A few days after the great collapse of my perfectly formed façade, I decided I wasn’t going to suffer silently anymore. If I lost friends because I was going to be real and stop living with a fake smile perpetually plastered to my face, so be it. I pulled up my big girl panties and forged forth a new path. I did lose friends. Lots of them. Because I’d broken the sacred code. I went public with what it was like to lose your shit because the world we lived in was a pressure cooker. It took a while, but at some point I realized and accepted that they weren’t really friends at all if they couldn’t live what was real with me and love me no matter what. I also had to accept that they were dealing with things their own way and that was okay, too. My mess was my mess. Their mess was theirs.
So, what did being real look like? It looked like not going to functions and parties if I wasn’t up to it. My anxiety at that point was manifesting itself in many ways, but one was panic attacks. Prior to knowing what was really going on with me, I’d suck it up and gut it out because that’s what spouses did back then. They prettied up and put on the wifey face and was the perfect example of a support system. I was managing these events, minimally, by taking multiple trips outside to get air, or just hold it in and fall apart crying when I got home. Unacceptable. This was one of the ways I lost friends. Because I refused to gut it out any longer, I was whispered about and wasn’t afforded many invitations to anything after I came out and started turning them down with an honest explanation as to why. ‘I’m sorry. I can’t come. I’m going through some stuff right now and my anxiety makes it hard for me to be in a room with a lot of people with the fear I might lose my shit in front of all of them.’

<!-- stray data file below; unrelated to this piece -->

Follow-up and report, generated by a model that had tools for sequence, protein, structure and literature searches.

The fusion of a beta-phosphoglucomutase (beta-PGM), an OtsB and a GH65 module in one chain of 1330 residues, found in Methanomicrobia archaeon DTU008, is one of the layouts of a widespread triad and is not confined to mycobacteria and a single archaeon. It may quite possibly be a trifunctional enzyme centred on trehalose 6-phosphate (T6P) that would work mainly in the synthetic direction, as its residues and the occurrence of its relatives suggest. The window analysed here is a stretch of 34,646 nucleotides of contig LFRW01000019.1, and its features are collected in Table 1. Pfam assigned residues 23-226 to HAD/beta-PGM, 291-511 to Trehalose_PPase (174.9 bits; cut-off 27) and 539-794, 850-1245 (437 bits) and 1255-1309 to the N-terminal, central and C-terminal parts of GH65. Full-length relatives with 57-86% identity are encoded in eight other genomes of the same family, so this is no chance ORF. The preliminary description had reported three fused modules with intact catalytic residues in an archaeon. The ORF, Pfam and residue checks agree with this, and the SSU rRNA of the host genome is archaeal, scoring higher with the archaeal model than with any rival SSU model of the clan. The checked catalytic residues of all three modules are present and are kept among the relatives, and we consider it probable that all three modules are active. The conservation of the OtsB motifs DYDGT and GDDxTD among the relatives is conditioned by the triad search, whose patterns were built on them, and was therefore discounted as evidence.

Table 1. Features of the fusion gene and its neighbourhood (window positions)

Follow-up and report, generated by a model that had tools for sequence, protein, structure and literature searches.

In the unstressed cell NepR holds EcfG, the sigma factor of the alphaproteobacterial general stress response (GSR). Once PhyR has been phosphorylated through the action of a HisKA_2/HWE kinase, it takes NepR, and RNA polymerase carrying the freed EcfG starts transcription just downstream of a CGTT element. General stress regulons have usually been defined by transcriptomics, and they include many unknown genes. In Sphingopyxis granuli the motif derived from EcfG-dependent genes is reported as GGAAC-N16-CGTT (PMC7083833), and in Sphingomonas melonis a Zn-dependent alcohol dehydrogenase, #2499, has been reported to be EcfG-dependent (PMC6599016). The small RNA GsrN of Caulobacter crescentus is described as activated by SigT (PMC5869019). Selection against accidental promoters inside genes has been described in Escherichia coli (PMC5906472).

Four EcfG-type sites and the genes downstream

I still have a hard time with functions and parties at times. Mostly when I’m trying to make a new friend and they come out with the first invitation to get to know each other better via dinner at their place. I’ve become quite adept at being honest. ‘I’d really love to, new friend, but here’s the deal, if we stay friends you’re going to find out sooner or later and I’d rather it not be because I passed out in your dining room. I have an anxiety thingy and I’m just not comfortable with dinner at your place just yet. Can we meet somewhere for dinner? My treat? Then maybe next time we can have coffee and dessert at your place so I can ease into your environment? I feel more comfortable getting to know people on my own terms.’ I get a few passes and I get a few new friends. It’s part of living in the what’s real for me.